I was at my brother's in Blackburn over the weekend. On Saturday evening a group of us sat down to watch a dramatic World Cup Quarter-Final football match between England and France. It was enthralling stuff. Two hours and a penalty shoot-out later I couldn't quite believe how absorbing it had been as a spectacle - after all, it was England who were playing!
What you might have realised by now is that the football match in question was a crunch match in the FIFA Women's World Cup. The fact that it was shown at all was quite a triumph for both the public and politicians. The BBC originally had no plans to show any live games, involving England or otherwise, until an unexpectedly large number of viewers tuned into the highlights programme (on at a time when all sane people are assumed to be in bed) and a number of MPs - including Andy Burnham - called on the BBC to support the national team and allow British viewers to get behind the girls.
I can't quite believe that Andy Burnham and others had to do this. The national team is in the quarter-finals of a major tournament. The BBC, rather than sensibly considering how they could help raise the profile of the women's national team at the same time as screening some welcome action before the new season starts, instead subscribed to the belief that no-one in England could possibly be interested. This is, after all, women's football. Nobody cares about that, even the thousands of fans who watched the Women's FA Cup Final only weeks ago.
This is institutional sexism, plain and simple. And if it's true that there isn't a huge amount of interest in women's football, I wonder whose fault that might be? Perhaps that of a media that continually marginalises and dismisses it?
As a Scotland fan, I'm not regularly witnessed cheering on an England team. On this occasion it was a bit different - not least because I felt English success at the World Cup might have had a significant impact not only on awareness and interest in the women's game, but could potentially have led to further investment into British women's football at grassroots level. This is obviously something else the BBC overlooked.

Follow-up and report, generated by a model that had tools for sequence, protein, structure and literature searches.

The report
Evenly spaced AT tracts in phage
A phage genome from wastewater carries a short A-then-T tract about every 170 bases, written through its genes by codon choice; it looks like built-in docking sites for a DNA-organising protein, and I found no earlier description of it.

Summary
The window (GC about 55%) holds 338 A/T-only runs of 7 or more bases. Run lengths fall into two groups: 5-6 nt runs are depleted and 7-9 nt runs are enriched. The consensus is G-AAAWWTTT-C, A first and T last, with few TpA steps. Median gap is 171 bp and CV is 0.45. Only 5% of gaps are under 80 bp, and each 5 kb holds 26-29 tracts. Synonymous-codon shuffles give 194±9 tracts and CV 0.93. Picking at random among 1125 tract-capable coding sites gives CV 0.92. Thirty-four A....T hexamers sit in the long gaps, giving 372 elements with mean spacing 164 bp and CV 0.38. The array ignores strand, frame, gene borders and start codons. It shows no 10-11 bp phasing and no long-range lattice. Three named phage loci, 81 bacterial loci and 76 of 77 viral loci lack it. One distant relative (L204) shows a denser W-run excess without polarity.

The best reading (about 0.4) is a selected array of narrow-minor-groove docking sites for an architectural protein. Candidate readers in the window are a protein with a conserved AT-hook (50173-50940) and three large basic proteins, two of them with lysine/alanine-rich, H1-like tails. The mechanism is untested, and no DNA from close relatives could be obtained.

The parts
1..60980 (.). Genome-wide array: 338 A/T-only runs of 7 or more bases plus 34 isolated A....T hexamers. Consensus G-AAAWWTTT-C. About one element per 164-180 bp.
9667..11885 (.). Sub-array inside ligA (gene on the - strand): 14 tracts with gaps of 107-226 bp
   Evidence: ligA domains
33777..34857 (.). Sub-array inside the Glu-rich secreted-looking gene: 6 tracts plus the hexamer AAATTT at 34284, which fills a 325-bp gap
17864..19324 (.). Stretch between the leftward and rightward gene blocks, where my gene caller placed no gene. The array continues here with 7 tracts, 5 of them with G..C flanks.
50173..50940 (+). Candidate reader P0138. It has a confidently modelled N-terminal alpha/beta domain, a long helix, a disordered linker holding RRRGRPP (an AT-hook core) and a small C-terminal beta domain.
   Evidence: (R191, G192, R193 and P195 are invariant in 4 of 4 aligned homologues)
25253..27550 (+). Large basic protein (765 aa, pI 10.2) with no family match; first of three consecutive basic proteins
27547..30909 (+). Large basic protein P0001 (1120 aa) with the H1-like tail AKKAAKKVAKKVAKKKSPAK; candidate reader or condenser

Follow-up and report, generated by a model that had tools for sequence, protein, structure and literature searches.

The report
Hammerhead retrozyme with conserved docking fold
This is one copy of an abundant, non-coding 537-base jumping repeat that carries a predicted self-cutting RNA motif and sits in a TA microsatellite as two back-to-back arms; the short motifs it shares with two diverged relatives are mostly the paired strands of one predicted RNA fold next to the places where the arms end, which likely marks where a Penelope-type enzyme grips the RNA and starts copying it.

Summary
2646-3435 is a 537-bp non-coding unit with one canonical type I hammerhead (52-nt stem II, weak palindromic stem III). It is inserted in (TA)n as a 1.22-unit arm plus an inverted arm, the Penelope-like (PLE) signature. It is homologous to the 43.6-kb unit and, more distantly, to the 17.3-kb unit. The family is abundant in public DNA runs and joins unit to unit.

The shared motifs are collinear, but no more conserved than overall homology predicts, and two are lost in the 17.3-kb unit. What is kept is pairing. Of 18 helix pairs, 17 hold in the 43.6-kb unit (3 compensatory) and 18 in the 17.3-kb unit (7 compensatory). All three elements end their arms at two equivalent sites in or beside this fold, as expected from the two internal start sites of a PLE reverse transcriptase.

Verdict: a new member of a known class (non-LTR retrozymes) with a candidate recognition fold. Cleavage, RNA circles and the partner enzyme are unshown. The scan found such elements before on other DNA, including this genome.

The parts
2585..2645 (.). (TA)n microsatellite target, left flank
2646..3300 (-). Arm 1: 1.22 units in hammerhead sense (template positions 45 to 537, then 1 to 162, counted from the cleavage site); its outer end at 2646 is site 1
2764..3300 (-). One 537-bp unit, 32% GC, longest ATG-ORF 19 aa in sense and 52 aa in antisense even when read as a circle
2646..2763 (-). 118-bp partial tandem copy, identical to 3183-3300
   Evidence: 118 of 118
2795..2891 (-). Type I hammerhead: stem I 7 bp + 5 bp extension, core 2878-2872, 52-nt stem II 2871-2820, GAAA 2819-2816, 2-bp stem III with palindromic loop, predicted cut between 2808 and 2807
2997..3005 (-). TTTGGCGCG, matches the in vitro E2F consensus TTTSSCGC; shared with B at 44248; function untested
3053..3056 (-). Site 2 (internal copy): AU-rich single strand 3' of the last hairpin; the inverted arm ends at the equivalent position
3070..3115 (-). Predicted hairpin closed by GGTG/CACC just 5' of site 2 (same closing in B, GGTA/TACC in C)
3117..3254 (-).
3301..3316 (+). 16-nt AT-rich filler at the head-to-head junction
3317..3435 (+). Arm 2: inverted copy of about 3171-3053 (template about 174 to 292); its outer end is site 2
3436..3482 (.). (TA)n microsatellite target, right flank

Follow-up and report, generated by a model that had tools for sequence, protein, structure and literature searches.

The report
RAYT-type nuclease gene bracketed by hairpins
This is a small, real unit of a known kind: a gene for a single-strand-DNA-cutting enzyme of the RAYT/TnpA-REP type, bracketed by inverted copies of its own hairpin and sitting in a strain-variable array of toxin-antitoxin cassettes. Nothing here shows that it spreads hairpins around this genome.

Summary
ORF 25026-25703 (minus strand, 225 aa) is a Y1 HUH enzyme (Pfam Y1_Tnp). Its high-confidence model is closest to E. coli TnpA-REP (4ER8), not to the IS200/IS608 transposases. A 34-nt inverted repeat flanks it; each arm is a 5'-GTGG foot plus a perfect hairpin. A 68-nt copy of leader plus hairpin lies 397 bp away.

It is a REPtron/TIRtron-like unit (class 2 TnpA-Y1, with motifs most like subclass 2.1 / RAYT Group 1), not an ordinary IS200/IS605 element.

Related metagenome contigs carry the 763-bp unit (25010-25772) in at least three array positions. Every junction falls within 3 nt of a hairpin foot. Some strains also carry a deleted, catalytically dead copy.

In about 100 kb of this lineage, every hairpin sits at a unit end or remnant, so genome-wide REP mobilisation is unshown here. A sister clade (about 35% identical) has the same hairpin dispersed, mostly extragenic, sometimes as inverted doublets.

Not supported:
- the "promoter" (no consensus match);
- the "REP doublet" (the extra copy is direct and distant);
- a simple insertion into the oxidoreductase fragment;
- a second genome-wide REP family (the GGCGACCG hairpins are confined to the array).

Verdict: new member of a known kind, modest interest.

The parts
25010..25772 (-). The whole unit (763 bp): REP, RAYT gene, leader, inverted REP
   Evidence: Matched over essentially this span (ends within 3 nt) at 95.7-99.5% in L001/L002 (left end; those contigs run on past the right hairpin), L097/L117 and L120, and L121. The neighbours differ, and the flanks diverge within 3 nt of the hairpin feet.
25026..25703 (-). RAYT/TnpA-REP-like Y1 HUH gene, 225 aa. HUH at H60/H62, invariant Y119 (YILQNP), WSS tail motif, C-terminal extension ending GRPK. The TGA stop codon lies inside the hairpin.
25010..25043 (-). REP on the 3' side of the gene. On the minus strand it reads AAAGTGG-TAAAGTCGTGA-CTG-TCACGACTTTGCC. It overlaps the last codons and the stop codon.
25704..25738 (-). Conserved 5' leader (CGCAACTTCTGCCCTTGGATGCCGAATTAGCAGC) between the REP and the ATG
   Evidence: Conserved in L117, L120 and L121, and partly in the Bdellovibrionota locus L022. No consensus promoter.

Ultimately, it was the normal hard-luck story for England. A promising performance, resistance against the odds and defeat in a penalty shoot-out. For all the disappointment, it was a dignified exit which is more than can be said for England's other team at the 2010 World Cup. In fact, the women on the pitch on Saturday night looked far more worthy of wearing their country's shirt than some of Fabio Capello's overpaid "stars".
That said, I was more than annoyed at one of my brother's friends who, following the game, said: "Well, at least it wasn't the real England team." The real England team? I see...for "real" read "male".
It's attitudes such as this that have to be eradicated if women's achievements in football (or in other sports, or even in certain professions) are to be taken seriously, let alone applauded. The institutional prejudices of the BBC and the assumptions that women are naturally inferior (or at the very least, less important) might be dismissed casually as an inevitable by-product of the male-centric nature of British sport. What they actively demonstrate is the need for the media to step up to the mark when it comes to promoting women's sport - or at least to adequately cover it. They have an opportunity - no, an obligation - to inform the public about British sporting achievements in a fair and objective way that erodes both prejudices and sporting stereotypes.
Then again, I don't expect any change of heart from the British media...they do, after all, have other problems pre-occupying them at the minute...